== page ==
By LISA MASCARO,
ALAN FRAM and
WASHINGTON (AP) —
After a flurry of last-minute negotiations, the Senate Judiciary Committee
advanced Brett Kavanaugh's nomination for the Supreme Court Friday after
agreeing to a late call from Republican Sen. Jeff Flake of Arizona for a one
week investigation into sexual assault allegations against the high court
However, it was
unclear whether Republican leaders, who have pushed for fast confirmation of
Kavanaugh, would back Flake's call for an investigation or instead would
press forward with a full Senate vote on the nomination. President Donald
Trump, who has accused the Democrats of obstruction and delay and has
opposed the FBI probing the allegations against his nominee, said merely
that he would "let the Senate handle that."
The dramatic scene
unfolded a day after Kavanaugh and his accuser, Christine Blasey Ford,
testified in an emotional, hours-long hearing. Kavanaugh angrily denied the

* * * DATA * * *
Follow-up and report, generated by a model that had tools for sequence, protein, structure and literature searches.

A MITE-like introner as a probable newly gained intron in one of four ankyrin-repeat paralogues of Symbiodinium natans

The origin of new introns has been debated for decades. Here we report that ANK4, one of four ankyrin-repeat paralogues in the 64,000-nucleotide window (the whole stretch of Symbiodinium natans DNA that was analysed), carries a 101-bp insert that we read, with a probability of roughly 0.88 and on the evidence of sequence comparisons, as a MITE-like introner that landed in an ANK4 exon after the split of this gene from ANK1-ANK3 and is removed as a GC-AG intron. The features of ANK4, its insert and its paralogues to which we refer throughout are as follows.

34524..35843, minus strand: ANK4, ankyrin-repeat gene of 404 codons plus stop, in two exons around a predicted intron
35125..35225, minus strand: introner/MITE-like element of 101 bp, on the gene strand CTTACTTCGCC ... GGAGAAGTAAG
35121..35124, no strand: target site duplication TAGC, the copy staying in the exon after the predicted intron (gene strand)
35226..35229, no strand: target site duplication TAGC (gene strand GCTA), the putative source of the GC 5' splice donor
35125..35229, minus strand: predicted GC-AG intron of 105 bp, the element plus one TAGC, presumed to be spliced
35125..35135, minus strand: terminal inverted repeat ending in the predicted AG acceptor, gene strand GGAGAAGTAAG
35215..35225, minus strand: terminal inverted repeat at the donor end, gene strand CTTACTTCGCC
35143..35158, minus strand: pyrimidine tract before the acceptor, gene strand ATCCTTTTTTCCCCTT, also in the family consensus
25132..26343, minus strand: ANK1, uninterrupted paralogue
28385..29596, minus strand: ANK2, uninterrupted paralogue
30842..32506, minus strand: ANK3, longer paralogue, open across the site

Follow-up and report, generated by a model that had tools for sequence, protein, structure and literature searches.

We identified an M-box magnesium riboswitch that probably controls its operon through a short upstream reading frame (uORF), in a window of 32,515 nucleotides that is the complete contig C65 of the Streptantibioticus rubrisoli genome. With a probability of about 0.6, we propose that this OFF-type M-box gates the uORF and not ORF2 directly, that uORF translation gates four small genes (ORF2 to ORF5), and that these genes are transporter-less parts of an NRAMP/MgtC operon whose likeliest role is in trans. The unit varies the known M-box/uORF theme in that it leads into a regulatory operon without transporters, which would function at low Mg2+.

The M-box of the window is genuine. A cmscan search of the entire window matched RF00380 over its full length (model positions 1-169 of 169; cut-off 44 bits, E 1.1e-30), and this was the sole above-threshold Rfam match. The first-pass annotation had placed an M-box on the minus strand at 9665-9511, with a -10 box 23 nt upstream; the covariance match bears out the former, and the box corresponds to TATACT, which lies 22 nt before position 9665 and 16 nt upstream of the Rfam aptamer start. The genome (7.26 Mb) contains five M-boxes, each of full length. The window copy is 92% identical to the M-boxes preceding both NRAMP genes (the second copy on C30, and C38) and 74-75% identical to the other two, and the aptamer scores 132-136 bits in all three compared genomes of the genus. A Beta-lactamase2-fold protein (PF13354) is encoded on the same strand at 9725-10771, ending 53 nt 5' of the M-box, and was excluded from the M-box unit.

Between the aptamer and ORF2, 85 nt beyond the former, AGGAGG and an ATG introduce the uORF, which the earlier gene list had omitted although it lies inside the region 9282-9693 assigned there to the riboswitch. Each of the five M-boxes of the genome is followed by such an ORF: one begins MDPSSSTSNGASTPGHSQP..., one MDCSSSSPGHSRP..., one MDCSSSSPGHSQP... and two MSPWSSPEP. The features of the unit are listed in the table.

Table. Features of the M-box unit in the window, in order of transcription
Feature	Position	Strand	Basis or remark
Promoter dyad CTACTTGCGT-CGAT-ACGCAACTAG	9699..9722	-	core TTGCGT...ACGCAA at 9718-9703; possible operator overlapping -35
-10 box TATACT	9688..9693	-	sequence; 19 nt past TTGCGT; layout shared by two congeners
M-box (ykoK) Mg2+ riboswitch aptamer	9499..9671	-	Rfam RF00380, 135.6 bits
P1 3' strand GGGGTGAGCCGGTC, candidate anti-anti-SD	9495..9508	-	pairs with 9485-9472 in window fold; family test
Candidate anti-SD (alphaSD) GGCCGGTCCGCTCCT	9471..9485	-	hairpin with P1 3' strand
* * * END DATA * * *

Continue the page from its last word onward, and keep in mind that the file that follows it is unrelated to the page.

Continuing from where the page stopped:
allegations that he assaulted Ford while they were both in high school,
while she said she was "100 percent" certain he was her attacker.
Flake, a key
moderate Republican, was at the center of the drama and uncertainty. On
Friday morning, he announced that he would support Kavanaugh's nomination.
Shortly after, he was confronted in an elevator by two women who, through
tears, implored him to change his mind.
privately with his colleagues, Flake announced that he would vote to advance
Kavanaugh's nomination to the full Senate only if the FBI were to
investigate the allegations against the judge. Democrats have been calling
for such an investigation, though Republicans and the White House have
insisted it's unnecessary.
Flake said that
after discussing the matter with fellow senators, he felt it "would be
proper to delay the floor vote for up to but not more than one week."
That increases the
pressure on a handful of colleagues who haven't yet said whether they back
Kavanaugh: Republican Sens. Susan Collins of Maine and Lisa Murkowski of
Alaska, and Democratic Sen. Joe Manchin of West Virginia.
With a 51-49
majority, Senate Republicans have little margin for error, especially given
the fact that several Democrats facing tough re-election prospects this fall
announced their opposition to Kavanaugh on Friday. Sens. Bill Nelson of
Florida, Joe Donnelly of Indiana and Jon Tester of Montana all said they
would vote no.